Danville plans to add EMD dispatch this year
After strong lobbying from the local emergency room chief, the City of Danville now plans to implement “emergency medical dispatch” services at its 911 call center before the end of the year.
Danville City Manager Ron Scott said Monday night there are several hurdles to making EMD services a reality, but the city is now expecting to clear those hurdles before Dec. 31.
Scott said after a strong push from Dr. Eric Guerrant, the city took another look at offering EMD to 911 callers. Implementation of EMD had previously been delayed until the next fiscal year, 2018-19.
Guerrant first asked the city commission to add EMD services in April. And he came to The Advocate-Messenger earlier this month with another public plea to implement the services, using two 911 recordings to demonstrate cases where he believes EMD would have benefited people who were having medical emergencies.
EMD means dispatchers can provide instructions to callers on medical procedures such as CPR that can help people who are having medical emergencies.
“We believe Dr. Guerrant has done a service to us and the community by pointing out that this is an area of improvement that we should try to implement,” Scott told city commissioners Monday. “It costs money, it does take some time, it takes involvement by all parties cooperatively to get there. But we are working to get there.”
Danville previously planned to implement EMD services this fiscal year, after hearing Guerrant’s April presentation. But in late June, under the gun to pass a budget and facing vocal opposition to a pair of tax increases, the commission voted to cut EMD from the current budget and shave a tenth of a percent off a payroll tax increase.
Now EMD is back on for the current fiscal year.
Scott enumerated the obstacles that Danville must address or that have now been addressed:
• The city now has insurance coverage for EMD, because dispatch centers that offer the service are at risk of getting sued by callers. Scott said Danville has clarified its coverage with its insurance provider and any claims related to EMD in the future will be covered. A cost for that coverage was not immediately provided to the city, Scott said.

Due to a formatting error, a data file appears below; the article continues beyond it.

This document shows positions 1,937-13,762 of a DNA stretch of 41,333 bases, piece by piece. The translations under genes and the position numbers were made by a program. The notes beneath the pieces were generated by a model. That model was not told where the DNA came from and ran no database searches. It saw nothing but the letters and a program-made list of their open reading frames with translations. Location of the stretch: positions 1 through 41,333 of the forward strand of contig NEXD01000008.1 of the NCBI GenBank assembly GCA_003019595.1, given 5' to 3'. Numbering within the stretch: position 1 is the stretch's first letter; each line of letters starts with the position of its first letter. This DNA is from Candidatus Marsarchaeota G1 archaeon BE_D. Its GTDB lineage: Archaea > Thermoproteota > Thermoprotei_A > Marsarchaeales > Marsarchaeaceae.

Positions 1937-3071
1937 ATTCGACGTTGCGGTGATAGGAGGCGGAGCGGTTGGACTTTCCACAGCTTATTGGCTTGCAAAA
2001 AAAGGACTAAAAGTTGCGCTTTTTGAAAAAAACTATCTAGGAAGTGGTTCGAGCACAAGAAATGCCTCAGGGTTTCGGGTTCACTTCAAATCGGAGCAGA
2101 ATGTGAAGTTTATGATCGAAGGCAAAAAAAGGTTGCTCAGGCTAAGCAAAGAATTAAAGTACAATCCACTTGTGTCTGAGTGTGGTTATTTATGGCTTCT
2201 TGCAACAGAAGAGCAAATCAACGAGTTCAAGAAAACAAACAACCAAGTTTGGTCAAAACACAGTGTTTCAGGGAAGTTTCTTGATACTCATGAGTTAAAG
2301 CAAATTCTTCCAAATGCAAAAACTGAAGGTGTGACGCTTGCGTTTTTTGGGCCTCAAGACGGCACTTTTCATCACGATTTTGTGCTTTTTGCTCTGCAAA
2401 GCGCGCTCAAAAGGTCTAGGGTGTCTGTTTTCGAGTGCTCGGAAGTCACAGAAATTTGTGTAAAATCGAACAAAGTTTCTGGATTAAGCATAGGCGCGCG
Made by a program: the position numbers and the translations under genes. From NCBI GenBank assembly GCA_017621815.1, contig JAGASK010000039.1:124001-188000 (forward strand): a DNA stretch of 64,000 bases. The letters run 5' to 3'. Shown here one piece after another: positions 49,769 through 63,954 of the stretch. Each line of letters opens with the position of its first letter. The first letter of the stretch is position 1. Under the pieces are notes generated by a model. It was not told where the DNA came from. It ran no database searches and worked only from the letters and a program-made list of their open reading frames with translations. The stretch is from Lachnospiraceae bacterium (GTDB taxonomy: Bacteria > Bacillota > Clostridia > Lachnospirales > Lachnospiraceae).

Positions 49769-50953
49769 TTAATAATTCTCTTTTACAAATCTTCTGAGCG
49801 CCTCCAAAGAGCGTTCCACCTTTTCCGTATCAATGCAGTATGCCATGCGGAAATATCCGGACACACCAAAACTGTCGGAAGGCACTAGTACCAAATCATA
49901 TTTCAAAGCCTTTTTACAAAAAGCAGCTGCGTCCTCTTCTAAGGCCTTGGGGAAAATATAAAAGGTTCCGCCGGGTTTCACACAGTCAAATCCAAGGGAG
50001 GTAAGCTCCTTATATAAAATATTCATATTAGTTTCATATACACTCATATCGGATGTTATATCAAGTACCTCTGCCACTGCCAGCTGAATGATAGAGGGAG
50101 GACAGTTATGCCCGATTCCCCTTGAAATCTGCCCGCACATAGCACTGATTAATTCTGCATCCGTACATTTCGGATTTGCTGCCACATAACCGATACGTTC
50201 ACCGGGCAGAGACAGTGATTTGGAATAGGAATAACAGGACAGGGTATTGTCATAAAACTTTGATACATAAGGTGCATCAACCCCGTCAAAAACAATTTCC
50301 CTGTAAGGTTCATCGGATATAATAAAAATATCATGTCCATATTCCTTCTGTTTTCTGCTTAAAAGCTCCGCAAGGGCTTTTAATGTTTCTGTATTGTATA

• Guerrant had suggested the city could buy flip-charts at a very low cost in order to give dispatchers all the info they would need to instruct callers. Scott said flip-charts are no longer sold by the company to which the Department of Criminal Justice Training referred Danville. But software programs for EMD are available and are not prohibitively expensive. It will cost about $359 per dispatcher to give them the software and train them on it, Scott said.
• The biggest obstacle is cost for extra staffing. Scott said Danville plans to hire additional part-time dispatchers in order to cover that need for now. The city has approached former dispatchers who went to work at other area dispatch centers and response has been positive, he said.
• Landline capacity at the current dispatch center’s location is limited, which means if an EMD call goes on for a long time and many other calls are coming in, it’s possible that a 911 call would have to come in on the center’s administrative line, which doesn’t have location services, Scott said. That means instead of dispatchers seeing where the call is coming from, they will have to ask the caller where they are, he explained.
Danville Police Chief Tony Gray said the difficulty in implementing EMD in Danville has something to do with the city’s size.
“We just fall in that little gap where we’re not big like Lexington, but we’re not small like some other towns around us,” Gray said. “Most of those cities that do do EMD — either they’re very large cities and they have a very big staff, or they’re very small cities that don’t have the call volume. We fall in there — we’re in between. We have a large call volume for our center. Staffing does play a part.”
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